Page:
hospital leaders to advocate for the efficiency and effectiveness of the medication use system. In their interactions with those leaders, pharmacy directors have to establish an executive presence; they have to demonstrate leadership behaviors that reflect the executive role. Credentials, training, experience, and results are important for establishing executive presence, but perception remains a hurdle. Even when occupying the title of administrator of pharmacy, director of pharmacy, or chief pharmacy officer, some pharmacy leaders may find it difficult to convince senior leaders of their executive presence. In the article “Cracking the Code: Executive Presence and Multicultural Professionals,” author Sylvia Ann Hewlett affirmed that executive presence is comprised of 3 pillars: gravitas, communication, and appearance.16 Of these, gravitas, the act of exuding confidence, standing your ground, speaking truthfully, and maintaining emotional intelligence, is the most important pillar for pharmacy leaders to master. The ability to handle conflict and crisis with poise and confidence is the essence of confidence. Leaders in any profession are tasked daily with the responsibility of guiding their respective units to success or failure. Confidence should never be confused with arrogance; successful leaders handle conflict with grace and humility, not bravado and grandstanding. Leaders are often required to stand their ground or be firm when the situation requires. Communicating Your Vision and Strategy Although looking and acting the part of a pharmacy executive is important, the development of a vision for pharmacy practice and a viable strategy to implement those plans is vital to being effective with physician executives. Pharmacy directors need to have a clear vision of how pharmacy can contribute to organizational goals in patient care, medication safety, and finance. The most critical advice for pharmacy leaders is to be patient-centered when describing their department. Conversations should never focus on what is best for the pharmacy; instead all proposals should be presented based on how the department can positively impact the patients. The difference between interactions with physician and nonphysician executives is the degree to which their commitment to patient care is integrated with their vision of organizational success. As we seek to develop practice models, physicians will look to us for innovative approaches to patient care. Pharmacy can be a powerful complement for physician services if we consistently seek opportunities to reduce the clinical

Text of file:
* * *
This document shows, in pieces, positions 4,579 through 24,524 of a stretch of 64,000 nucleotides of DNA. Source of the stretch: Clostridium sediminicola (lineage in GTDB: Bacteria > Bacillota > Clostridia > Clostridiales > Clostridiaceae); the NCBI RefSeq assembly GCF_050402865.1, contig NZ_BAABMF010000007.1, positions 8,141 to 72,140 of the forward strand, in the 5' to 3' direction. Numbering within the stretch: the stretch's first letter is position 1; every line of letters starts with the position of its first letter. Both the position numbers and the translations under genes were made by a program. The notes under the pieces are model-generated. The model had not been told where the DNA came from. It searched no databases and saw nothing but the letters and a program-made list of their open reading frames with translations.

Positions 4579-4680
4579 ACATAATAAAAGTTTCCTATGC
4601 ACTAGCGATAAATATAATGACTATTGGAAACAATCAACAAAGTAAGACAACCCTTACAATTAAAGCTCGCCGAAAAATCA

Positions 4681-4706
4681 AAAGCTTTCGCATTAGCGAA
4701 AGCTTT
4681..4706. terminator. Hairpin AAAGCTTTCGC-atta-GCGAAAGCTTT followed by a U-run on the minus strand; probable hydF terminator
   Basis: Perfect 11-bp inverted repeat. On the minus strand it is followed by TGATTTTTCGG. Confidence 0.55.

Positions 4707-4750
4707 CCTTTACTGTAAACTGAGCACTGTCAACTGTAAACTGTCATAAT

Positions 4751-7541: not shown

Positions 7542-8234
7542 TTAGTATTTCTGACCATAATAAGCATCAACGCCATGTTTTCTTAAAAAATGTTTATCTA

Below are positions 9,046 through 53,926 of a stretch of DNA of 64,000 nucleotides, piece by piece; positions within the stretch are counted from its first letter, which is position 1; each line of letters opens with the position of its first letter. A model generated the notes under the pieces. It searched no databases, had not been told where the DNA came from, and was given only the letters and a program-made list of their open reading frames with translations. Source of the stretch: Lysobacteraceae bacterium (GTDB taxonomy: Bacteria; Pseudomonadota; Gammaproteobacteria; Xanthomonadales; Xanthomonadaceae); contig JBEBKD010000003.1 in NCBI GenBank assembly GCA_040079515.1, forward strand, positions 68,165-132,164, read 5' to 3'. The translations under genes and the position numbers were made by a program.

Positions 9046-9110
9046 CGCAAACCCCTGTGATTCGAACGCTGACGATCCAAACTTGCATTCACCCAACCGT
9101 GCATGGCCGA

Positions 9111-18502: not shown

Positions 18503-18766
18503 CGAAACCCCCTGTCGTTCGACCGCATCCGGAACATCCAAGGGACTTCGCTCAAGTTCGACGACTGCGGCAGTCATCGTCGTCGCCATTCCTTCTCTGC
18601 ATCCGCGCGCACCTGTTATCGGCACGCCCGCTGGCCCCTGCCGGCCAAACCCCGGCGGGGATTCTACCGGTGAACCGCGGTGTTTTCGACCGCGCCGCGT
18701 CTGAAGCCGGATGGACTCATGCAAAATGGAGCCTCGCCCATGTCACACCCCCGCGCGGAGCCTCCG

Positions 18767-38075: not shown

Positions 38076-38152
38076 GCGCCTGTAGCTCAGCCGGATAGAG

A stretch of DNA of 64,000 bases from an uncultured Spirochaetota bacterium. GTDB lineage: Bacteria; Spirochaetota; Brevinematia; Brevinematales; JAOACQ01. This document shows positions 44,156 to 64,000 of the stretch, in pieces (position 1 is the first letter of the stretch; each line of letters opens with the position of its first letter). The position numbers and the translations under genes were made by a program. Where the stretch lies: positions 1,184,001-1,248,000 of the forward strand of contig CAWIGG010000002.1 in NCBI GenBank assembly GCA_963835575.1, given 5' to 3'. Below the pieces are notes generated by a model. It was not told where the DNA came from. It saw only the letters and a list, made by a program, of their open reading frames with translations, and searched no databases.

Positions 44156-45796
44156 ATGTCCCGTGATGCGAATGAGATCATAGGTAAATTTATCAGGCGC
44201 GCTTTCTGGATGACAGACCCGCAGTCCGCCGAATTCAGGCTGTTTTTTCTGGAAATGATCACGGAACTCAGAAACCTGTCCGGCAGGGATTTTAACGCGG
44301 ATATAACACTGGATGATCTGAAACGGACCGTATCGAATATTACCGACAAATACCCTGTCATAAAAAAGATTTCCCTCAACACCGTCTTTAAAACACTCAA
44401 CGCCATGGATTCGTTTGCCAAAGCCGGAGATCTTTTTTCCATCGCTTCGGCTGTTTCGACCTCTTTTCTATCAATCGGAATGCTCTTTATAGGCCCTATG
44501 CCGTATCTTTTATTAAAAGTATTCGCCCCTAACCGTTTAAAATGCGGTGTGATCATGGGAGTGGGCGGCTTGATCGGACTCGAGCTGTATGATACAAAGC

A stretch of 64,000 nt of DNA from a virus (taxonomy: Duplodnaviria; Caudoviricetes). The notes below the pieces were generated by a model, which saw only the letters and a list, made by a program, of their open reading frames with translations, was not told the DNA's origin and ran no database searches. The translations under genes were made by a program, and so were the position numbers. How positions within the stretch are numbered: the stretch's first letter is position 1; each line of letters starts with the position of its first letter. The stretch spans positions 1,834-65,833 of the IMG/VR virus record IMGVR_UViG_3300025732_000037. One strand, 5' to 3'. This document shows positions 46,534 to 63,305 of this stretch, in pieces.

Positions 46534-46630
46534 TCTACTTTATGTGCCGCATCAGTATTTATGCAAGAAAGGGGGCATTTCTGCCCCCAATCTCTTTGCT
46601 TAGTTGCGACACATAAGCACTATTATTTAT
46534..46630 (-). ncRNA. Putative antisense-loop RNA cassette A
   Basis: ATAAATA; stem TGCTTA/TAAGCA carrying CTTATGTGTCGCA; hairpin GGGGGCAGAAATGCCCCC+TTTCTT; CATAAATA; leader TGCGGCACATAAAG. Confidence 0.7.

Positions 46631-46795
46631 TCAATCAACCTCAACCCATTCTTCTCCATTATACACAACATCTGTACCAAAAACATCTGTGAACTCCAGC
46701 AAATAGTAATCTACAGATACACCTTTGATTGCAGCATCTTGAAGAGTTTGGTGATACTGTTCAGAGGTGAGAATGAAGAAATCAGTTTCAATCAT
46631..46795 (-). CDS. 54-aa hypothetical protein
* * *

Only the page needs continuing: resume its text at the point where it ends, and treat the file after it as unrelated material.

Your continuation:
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burden that physicians have to manage. Pharmacists are now nearly universally accepted as competent providers of chronic anticoagulation services as proven over dozens of studies focused on clinical outcomes. Taking this example, pharmacy has freed up physicians’ time, provided a critical service for patients, delivered more personalized care, and reduced costs by reducing readmissions and hospital stay length.15 A case example of physician alignment and collaboration was OSUWMC noting the growing gap between patients in their access to expensive oncology medications. Patients were being discharged with prescriptions for medications that were too expensive for them – leading to poor outcomes from nonadherence. Furthermore, physicians had very little understanding of the costs of medications and blamed patients for nonadherence. In response to this growing concern, OSUWMC developed a medication assistance program (MAP); the director of the program established relationships with physicians and communicated the vision and strategy for the MAP. The CEOs of both the cancer hospitals and university hospitals then realized the importance of this program and provided the necessary support for its operations. The MAP improves patient outcomes by providing access to medications to the underinsured and uninsured thereby reducing charitable write-offs, avoidable hospital admissions, and ED visits. Each year the program assists over 2,000 patients while providing over $12 million dollars in medication assistance from drug manufacturers. The success of this program has been recognized system wide and is often regarded as the blueprint for the successful design and implementation of a MAP and of physician engagement and outreach. The American Pharmacists Association (APhA) recognized the MAP with its 2011 Pinnacle Award, celebrating the MAP’s significant contributions to improving medication access to vulnerable patient populations. Developing Effective Relationships with Physicians Developing relationships with key physicians, not necessarily those in executive positions, can help influence physician executives and grow the practice model. Scott Knoer, PharmD, MS, FASHP, the Chief Pharmacy Officer at the Cleveland Clinic, feels strongly that success in life and in our profession revolves around effective relationships. These ties are formed through committee involvement, patient care initiatives, or in less formal settings. The P&T Committees is the most consistent environment in which to establish collaborative and cooperative relationships